An in-depth look at the management of hyponatraemia, with special attention to a new concept called the “dDAVP clamp.”
– only treat hyponatraemia if symptoms are severe – coma, seizures or severe delirium
– use 3% saline 100ml, up to three doses
– consider giving dDAVP to prevent a rapid climb in the serum sodium
– aim to correct the serum sodium by only 3-6mmol/L in the first 24 hours
A BVM (with PEEP valve) will provide better pre-oxygenation than a NRBM (non-rebreather) AS LONG AS THERE IS A GOOD SEAL.
Adding nasal cannulae may worsen pre-oxygenation a little, likely more than offset by the additional benefit of apnoeic oxygenation.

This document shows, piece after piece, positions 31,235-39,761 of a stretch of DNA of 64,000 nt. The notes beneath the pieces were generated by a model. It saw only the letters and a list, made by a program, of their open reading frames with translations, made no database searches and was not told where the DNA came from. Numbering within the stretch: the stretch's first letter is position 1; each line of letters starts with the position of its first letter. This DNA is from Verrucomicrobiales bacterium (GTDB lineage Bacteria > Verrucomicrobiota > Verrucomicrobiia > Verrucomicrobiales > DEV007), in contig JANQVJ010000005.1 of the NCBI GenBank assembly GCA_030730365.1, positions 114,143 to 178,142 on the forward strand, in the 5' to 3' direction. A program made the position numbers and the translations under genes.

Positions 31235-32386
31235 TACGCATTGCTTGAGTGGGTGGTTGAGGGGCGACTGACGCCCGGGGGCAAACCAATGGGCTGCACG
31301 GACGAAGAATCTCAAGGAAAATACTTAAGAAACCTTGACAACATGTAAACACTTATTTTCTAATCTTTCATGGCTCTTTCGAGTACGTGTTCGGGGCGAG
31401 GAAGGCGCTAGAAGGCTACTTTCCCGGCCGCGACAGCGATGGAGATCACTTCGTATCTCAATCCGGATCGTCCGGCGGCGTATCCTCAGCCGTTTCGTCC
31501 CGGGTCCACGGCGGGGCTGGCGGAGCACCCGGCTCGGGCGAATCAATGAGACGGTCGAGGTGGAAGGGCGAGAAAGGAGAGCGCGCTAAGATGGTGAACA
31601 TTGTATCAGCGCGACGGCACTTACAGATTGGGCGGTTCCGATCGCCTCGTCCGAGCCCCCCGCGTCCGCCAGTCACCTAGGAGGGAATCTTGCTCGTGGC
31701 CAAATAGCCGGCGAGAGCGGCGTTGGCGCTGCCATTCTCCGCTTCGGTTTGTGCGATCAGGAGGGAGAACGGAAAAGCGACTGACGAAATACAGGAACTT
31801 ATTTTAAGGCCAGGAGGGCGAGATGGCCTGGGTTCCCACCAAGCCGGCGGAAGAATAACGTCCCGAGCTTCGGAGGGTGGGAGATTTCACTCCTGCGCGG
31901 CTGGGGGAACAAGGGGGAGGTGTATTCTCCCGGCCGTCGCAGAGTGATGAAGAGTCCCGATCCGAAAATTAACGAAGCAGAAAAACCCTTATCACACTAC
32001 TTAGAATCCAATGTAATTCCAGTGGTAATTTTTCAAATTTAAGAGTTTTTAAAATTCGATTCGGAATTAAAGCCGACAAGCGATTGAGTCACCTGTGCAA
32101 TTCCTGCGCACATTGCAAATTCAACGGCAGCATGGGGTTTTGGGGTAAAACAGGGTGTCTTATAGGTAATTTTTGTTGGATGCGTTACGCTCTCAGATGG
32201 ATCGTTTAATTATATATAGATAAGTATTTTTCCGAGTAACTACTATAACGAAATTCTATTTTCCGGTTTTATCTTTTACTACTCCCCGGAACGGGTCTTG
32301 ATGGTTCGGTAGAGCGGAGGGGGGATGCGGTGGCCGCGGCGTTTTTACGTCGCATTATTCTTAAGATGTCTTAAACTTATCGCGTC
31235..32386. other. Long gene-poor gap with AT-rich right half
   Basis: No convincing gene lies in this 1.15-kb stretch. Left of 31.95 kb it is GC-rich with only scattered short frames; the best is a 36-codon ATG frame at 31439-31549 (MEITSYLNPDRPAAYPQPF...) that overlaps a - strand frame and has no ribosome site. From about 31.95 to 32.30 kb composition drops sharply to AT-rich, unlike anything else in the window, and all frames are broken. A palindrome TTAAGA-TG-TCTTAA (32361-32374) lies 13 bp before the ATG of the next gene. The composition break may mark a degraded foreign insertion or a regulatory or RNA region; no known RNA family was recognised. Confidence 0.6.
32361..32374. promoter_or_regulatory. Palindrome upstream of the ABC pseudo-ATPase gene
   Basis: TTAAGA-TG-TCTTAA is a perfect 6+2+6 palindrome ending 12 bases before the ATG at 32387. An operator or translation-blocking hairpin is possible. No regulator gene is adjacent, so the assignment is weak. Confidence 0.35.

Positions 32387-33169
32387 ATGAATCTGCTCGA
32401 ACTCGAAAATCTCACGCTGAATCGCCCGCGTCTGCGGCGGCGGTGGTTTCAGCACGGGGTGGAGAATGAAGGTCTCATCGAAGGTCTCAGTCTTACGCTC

For me, the problem with a BVM is that the airway practitioner isn’t solely focused on achieving a good seal during pre-oxygenation. They’re doing other things – prepping the eam/patient/equipment etc. Therefore, I’d suggest NRBM and NPs as routine, especially for more inexperienced practitioners. If using a BVM (with PEEP valve), the airway practitioners sole focus needs to be on maintaining a seal.
Also, remember to sit the patient up and use CPAP if necessary.